Do Long Commutes Affect Intelligence?
A five-year British study of more than 500,000 people suggests that driving for more than two hours a day may impact memory and intelligence. In the study, adults who drove 2+ hours daily began with lower cognitive scores, and their performance worsened more quickly over five years when compared to people who drove less. Find out why that might be.
Turning Mice into “Winners”
What makes a mouse more dominant than others? As it turns out, it’s not strength but effortful, persistent behavior, what people sometimes call “grit.” Researchers in China identified brain activity related to that quality, then sought to create more successful mice by stimulating that part of the brain. It worked: mice that had been less dominant became more dominant. Learn more about the study and its implications.
Serious Snoring May Affect Brain Function
A new study of 1,700 older adults showed that people with sleep-breathing disorders (such as sleep apnea) scored worse on tests of memory and attention than those that did not. What’s more, this association was even more pronounced in the 20% of people with a genetic trait that raises risk of Alzheimer’s. Learn more.
Do Concussions Affect Women in the Same Way as Men?
Until recently, most research on concussions has been done almost exclusively on men. Even in mice models, the mice were male. But recently, the National Institutes of Health required that female subjects become included. That means scientists are learning more about how concussions among females differ from males. One difference: women may be more susceptible to concussions. Find out more.
Pinpointing Dementia for Better Care
When patients present with dementia symptoms, doctors don’t always know whether it’s Alzheimer’s, another form of dementia, or something else entirely. It matters because treatment can differ from one diagnosis to another. Now, a specialized PET scan can detect the amyloid plaques that mark Alzheimer’s, allowing doctors to make better diagnoses. But is it worth the cost? Learn more.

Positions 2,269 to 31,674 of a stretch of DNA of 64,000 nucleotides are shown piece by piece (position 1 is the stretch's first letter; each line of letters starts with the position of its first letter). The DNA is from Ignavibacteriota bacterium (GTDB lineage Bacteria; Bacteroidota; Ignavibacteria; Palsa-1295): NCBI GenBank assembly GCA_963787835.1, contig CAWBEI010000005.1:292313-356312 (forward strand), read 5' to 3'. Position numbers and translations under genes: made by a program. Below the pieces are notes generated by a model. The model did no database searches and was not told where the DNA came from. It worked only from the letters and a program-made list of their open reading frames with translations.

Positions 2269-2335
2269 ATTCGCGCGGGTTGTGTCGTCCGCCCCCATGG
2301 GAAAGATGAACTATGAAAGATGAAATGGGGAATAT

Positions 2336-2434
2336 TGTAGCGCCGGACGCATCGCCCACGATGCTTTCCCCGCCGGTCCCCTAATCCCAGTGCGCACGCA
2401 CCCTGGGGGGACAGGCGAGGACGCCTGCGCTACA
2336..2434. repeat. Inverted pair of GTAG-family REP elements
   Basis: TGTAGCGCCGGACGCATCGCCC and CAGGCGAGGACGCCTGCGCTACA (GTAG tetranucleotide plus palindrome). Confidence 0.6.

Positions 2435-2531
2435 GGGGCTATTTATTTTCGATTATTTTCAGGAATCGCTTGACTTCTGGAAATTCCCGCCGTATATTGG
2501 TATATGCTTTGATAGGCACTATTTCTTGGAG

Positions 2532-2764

A Chance to Help Our Team and Earn a Free BrainHQ Subscription
We are looking for individuals (both BrainHQ users and people who have not used the program) to meet with us in person to answer questions and provide feedback on developing BrainHQ features. This session will take about 45-60 minutes. To participate, you must be in the San Francisco Bay Area, be willing to travel to our office in the Financial District, and not require assistive devices or software to use a computer, laptop, tablet or other mobile device.
If you are interested in participating, please complete the following questionnaire:
Please note, space is limited and not everyone who applies will be selected. Selected participants who complete the session will be compensated with one-year free subscription to BrainHQ for themselves or a family member!
Book of the Month
Welcome to Your World: How the Built Environment Shapes Our Lives (2017)
by Sarah Williams Goldhagen
As our population expands, we will need to build houses, office buildings, parks, and other spaces, both public and private, to keep up. But what kinds of places should we build? Architecture critic Sarah Williams Goldhagen takes the reader on a trip to architectural treasures and horrors, calling on research in neuroscience, anthropology, and psychology to understand how our built environment shapes human perception and cognition. Goldhagen makes a strong case that as we look to construct our future, we should build carefully, so that our built environment enriches, rather than harms, our emotional state, cognitive function, and social relationships. Read an interview with the author or purchase on Amazon.